Fill in the letter blanks for the following words:
W _ _ H
S H _ _ E R
S _ _ P
Many of you probably ended up with some pretty neutral answers: wish or with for the top row, and shaker or shiner for the second, and step or stop or skip for the third. The type of day you’re having might have influenced your replies, too. If you used a razor this morning, maybe you came up with shaver. If you’re on a lunch break, maybe you conjured soup, and if you’re playing hooky today, maybe shop. And if you’re locked in a spirited Words With Friends battle, perhaps you even landed wych.
But if you’ve just finished doing some job networking, there’s a good chance you filled in the blanks to form wash, shower, and soap. That’s because so-called “instrumental networking,” done for the sole purpose of career advancement, can make us feel a little gross and in need of a cleaning, according to new research led by management scholar Tiziana Casciaro of the University of Toronto (and spotted by Melissa Dahl at the Science of Us). The evidence is presented in a working paper that describes a series of clever experiments including the above word-completion task.
“We argued that, unlike personal networking in pursuit of friendship or emotional support and unlike social ties that emerge spontaneously, instrumental networking in pursuit of professional goals can impinge on an individual’s moral purity and thus make him feel dirty,” Casciaro and company conclude.
There are some people who actually do enjoy job networking–very outgoing social types, for instance, or blatant ladder-climbers in the Pete Campbell mold–but the rest of us simply endure it for the sake of our careers. For the record, it does seem to help. Studies have tied networking to various measures of professional success, including promotions and workplace influence; a 2009 paper linked it to salary and career satisfaction.
Casciaro and her fellow researchers wanted to see what effect this occasionally unpleasant job requirement has on our frames of mind. They focused on what they term professional instrumental networking: very deliberate efforts to create a social tie that supports a self-interested career goal. This differed from personal instrumental networking, which might be deliberate but strives for a two-way relationship, and from spontaneous networking, which might be professional or personal but occurs naturally (at a party, say) instead of being premeditated.
There are plenty of reasons professional instrumental networking might feel a little morally slippery. Its end goal is extremely selfish (to leverage someone else’s experience into personal gain) and the means are potentially exploitative (to do this even if the other party doesn’t fully appreciate what’s happening). You might not feel like a bad person after networking on the job, but you probably don’t feel like a righteous one, either.
The experiments conducted by Casciaro and company suggest networking makes some people feel downright dirty. In one test, the researchers first asked some respondents to recall an experience that aligned with one of the four networking descriptions above: professional-instrumental, personal-instrumental, professional-spontaneous, or personal-spontaneous. Respondents in the first group, for instance, had to think about a relationship they’d nurtured to help their own career success–maybe attending an event just to meet potential clients.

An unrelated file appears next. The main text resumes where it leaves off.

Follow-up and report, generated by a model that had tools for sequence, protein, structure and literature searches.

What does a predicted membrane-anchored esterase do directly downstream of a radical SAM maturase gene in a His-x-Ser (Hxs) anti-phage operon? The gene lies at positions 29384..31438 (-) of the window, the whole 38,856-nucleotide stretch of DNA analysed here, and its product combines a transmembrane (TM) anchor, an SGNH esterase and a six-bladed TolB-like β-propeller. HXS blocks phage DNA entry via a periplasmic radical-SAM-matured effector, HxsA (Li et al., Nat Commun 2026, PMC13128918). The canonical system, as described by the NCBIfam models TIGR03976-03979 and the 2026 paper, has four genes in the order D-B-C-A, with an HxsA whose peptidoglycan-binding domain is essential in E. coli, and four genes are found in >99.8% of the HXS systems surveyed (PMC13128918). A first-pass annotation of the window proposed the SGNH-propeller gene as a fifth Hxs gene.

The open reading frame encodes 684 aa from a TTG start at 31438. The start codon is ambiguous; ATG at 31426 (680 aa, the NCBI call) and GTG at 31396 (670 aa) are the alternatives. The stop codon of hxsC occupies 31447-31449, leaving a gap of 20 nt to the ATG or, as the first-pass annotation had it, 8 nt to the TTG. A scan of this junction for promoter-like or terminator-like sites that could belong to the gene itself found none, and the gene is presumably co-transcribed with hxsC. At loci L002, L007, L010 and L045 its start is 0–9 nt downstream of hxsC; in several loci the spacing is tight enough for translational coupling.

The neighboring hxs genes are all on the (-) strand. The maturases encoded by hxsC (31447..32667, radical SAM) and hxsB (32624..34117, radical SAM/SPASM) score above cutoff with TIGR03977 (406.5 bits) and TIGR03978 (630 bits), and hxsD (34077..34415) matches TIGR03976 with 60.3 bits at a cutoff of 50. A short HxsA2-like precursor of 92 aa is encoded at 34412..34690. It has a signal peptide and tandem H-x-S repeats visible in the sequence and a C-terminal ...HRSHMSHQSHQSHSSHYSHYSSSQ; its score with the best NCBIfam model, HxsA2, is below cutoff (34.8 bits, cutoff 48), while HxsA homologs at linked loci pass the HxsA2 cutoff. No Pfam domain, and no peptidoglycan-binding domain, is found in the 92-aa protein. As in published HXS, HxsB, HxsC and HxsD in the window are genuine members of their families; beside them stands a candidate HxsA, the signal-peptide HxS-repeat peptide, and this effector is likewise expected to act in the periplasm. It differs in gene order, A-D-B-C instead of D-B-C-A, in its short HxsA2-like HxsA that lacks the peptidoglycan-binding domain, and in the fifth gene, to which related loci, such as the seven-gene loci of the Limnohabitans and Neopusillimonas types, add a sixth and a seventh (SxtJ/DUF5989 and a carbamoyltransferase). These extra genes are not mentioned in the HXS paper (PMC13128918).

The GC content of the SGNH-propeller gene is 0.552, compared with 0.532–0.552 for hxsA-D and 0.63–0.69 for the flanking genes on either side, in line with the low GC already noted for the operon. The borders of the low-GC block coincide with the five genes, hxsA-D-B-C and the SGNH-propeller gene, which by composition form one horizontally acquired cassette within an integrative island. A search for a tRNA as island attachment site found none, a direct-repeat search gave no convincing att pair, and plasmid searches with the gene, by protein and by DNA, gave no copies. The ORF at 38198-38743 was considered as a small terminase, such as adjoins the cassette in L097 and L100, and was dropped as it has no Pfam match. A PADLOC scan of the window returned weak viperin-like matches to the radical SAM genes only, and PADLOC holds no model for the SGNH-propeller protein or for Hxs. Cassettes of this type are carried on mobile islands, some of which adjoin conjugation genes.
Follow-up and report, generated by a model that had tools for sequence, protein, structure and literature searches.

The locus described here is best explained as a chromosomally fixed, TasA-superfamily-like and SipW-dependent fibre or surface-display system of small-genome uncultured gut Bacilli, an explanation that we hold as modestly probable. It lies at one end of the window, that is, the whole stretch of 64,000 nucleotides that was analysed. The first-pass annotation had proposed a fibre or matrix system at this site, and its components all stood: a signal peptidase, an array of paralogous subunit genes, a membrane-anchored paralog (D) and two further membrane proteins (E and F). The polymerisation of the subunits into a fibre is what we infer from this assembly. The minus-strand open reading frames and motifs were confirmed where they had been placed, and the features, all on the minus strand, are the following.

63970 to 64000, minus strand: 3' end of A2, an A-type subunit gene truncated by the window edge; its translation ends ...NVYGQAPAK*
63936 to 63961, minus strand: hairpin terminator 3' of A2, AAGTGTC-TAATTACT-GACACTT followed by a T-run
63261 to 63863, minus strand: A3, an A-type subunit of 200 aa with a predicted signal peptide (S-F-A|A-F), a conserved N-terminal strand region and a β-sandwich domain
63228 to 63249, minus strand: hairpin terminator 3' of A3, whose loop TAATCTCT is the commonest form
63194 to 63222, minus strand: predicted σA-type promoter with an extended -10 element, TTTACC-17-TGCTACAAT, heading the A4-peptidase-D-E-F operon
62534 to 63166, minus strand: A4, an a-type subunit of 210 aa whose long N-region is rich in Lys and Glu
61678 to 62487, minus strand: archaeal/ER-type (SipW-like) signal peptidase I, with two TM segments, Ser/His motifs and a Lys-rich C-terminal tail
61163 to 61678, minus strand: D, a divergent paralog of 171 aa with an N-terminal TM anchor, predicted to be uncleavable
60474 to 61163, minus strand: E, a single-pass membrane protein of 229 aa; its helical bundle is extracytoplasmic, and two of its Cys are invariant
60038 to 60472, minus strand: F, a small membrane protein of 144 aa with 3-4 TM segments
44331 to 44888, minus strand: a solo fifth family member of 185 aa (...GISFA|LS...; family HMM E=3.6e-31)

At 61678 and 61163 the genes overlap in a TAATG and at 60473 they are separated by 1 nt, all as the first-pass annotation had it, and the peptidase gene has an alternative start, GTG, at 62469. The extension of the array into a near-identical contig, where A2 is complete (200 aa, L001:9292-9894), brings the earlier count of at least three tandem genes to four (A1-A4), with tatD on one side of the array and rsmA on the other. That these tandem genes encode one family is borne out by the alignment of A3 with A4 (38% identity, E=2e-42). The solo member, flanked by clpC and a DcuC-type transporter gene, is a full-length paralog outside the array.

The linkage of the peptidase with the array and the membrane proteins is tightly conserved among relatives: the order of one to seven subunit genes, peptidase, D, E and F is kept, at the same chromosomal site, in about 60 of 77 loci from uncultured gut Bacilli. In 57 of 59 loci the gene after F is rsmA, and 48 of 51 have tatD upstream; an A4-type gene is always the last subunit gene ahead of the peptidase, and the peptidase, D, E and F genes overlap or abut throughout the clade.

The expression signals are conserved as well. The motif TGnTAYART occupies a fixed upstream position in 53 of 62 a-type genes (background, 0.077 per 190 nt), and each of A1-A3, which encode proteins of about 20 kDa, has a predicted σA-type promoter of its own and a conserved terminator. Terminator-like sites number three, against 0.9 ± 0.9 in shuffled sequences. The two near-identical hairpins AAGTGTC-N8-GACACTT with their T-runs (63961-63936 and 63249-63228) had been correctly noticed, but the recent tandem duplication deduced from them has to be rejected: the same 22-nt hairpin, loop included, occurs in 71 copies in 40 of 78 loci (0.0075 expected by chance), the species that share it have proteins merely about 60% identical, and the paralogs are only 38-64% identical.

Afterward, the participants took the word-completion test at the top of this article. Those who recalled the intentional job-networking experience generated significantly more clean-related words (e.g. shower, wash) than those who recalled a spontaneous experience, as if the mere memory of networking made them feel physically dirty (below). Since people often equate morality with cleanliness, both in popular culture and within the scientific literature, the researchers took this result as a sign that job networking felt immoral.
A follow-up test got similar results. Participants who read a short story about a professional social event self-reported more feelings of dirtiness, inauthenticity, and discomfort, compared to those who read a story about a casual party that people attended to make friends. The professional networking group also rated cleaning products such as Dove soap, Crest toothpaste, and Windex as more desirable than the other group–though, critically, both groups rated neutral products the same.
As a capper, the researchers conducted a survey on networking with 165 attorneys at a big law firm. The lawyers who felt dirty while networking engaged in it less frequently than those who felt fine with it. This disgust might even impact job performance: the lawyers who engaged in less networking also tended to have fewer billable hours. Networking might feel like a necessary evil at the workplace, but from a career perspective, that doesn’t make it any less necessary.
That said, networking doesn’t always have to be a dirty word. In situations where networking is expected–at an industry meeting, for instance–people might respond to it more favorably than when they deploy the effort themselves. And to the extent that personal and professional relationships may overlap, networking might feel less sinister. You probably feel comfortable asking an old friend at the company to put in a good word about you with the boss.
Well, unless that word is shower.